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How find out version number of Windows 7 from its DVD image before installing it?

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Version number? Do you mean architecture (32-bit/64-bit), service pack (RTM/SP1), edition (Starter/Home Basic/Home Premium/Professional/Enterprise/Ultimate) or the version number, as in build number (note Windows 7 is always 6.1, with varying build numbers depending on service pack)? –  Bob Jun 30 '12 at 13:46
    
@Bob All of them. In particular build number –  PHPst Jun 30 '12 at 16:15
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2 Answers

up vote 11 down vote accepted

Assuming you can mount the image, run cmd as administrator and type:

dism /Get-WimInfo /WimFile:A:\sources\boot.wim

A is your iso mountpoint.

or just extract the boot.wim file to somewhere and use its location in the command above.

Update: If you open boot.wim, there is an xml file usually called [1].xml. in there you can find the exact build information similar to this:

<WINDOWS>
<ARCH>0</ARCH>
<PRODUCTNAME>Microsoft® Windows® Operating System</PRODUCTNAME>
<EDITIONID>WindowsPE</EDITIONID>
<INSTALLATIONTYPE>WindowsPE</INSTALLATIONTYPE>
<PRODUCTTYPE>WinNT</PRODUCTTYPE>
<PRODUCTSUITE/><LANGUAGES>
<LANGUAGE>en-US</LANGUAGE>
<DEFAULT>en-US</DEFAULT></LANGUAGES>
<VERSION><MAJOR>6</MAJOR><MINOR>1</MINOR><BUILD>7601</BUILD><SPBUILD>17514</SPBUILD><SPLEVEL>1</SPLEVEL></VERSION><SYSTEMROOT>WINDOWS</SYSTEMROOT></WINDOWS>

The <version> tag is what tells you the built version. for above example: V 6.1.7601 SP1.17514

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This shows the architecture. However, it does not show the build number, service pack level or edition when I attempted it on my Windows 7 DVD. Depending on what @Reza meant by version number, this may or may not answer the question (and if architecture was meant, then this is a duplicate question). –  Bob Jun 30 '12 at 13:48
    
Read the update please. –  Nima Jun 30 '12 at 13:53
    
Nice! However, it would be better if you could describe how to open boot.wim. So far, I've attempted to mount it with dism, which does not reveal a [1].xml anywhere. –  Bob Jun 30 '12 at 14:02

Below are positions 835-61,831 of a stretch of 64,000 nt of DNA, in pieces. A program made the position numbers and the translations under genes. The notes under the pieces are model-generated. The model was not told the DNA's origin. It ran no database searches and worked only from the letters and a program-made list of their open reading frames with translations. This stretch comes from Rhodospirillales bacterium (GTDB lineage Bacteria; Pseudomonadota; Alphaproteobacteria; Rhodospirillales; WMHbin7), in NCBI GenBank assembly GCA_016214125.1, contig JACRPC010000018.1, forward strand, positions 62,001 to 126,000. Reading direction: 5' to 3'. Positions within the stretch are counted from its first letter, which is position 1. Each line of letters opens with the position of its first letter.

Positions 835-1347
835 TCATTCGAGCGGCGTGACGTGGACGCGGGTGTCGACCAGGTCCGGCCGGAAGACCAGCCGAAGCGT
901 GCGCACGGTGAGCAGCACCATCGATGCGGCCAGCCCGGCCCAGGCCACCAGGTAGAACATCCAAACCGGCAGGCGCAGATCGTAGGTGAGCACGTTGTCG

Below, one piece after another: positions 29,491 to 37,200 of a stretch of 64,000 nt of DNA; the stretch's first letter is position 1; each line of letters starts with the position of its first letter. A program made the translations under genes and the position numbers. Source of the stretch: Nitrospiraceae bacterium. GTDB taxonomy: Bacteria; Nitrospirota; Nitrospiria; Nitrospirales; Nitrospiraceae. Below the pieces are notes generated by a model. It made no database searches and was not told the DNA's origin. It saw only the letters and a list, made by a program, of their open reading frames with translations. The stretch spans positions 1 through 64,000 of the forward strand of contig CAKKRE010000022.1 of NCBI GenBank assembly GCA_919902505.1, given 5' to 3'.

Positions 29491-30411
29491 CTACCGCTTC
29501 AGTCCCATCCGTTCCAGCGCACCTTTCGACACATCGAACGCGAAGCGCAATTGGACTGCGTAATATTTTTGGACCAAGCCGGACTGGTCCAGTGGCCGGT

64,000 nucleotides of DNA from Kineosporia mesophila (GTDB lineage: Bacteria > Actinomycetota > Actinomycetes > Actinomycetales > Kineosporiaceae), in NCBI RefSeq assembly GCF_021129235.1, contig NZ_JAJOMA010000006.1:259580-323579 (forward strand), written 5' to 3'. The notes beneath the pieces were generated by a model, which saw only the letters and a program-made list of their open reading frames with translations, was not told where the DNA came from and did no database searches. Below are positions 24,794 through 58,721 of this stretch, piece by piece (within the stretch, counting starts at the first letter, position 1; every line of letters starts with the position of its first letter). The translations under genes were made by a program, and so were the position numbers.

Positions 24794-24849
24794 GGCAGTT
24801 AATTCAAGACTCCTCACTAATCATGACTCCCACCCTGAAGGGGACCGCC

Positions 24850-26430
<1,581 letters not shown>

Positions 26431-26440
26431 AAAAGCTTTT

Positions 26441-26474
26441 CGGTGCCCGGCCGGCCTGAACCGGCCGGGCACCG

I used 7-zip, but there are several alternatives. –  Nima Jun 30 '12 at 14:05
    
Ah, you extracted the image itself rather than mounting it... To clarify for others, [1].xml is actually metadata of the boot.wim image that you can see if you extract it with something like 7-Zip, but not if you mount it with something like dism (and maybe ImageX). –  Bob Jun 30 '12 at 14:24
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Nima is onto something, however newer images can have multiple indexes, so you get more details by adding /index:1 or equivalent. See here for a Windows 8 example (from cmd as Administrator):

C:\WINDOWS\system32>dism /Get-WimInfo /WimFile:D:\sources\boot.wim

Deployment Image Servicing and Management tool
Version: 6.3.9600.16384

Details for image : D:\sources\boot.wim

Index : 1
Name : Microsoft Windows PE (x64)
Description : Microsoft Windows PE (x64)
Size : 1,187,717,206 bytes

Index : 2
Name : Microsoft Windows Setup (x64)
Description : Microsoft Windows Setup (x64)
Size : 1,264,587,270 bytes

The operation completed successfully.

Windows PE is the installation environment, so I guess here we really want to look at index 2 instead.

C:\WINDOWS\system32>dism /Get-WimInfo /WimFile:D:\sources\boot.wim /index:2

Deployment Image Servicing and Management tool
Version: 6.3.9600.16384

Details for image : D:\sources\boot.wim

Index : 2
Name : Microsoft Windows Setup (x64)
Description : Microsoft Windows Setup (x64)
Size : 1,264,587,270 bytes
Architecture : x64
Hal : 
Version : 6.2.9200
ServicePack Build : 16384
ServicePack Level : 0
Edition : WindowsPE
Installation : WindowsPE
ProductType : WinNT
ProductSuite :
System Root : WINDOWS
Directories : 2977
Files : 13452
Created : 2012-07-26 - 07:40:09
Modified : 2012-07-26 - 09:04:49
Languages :
        en-US (Default)

The operation completed successfully.
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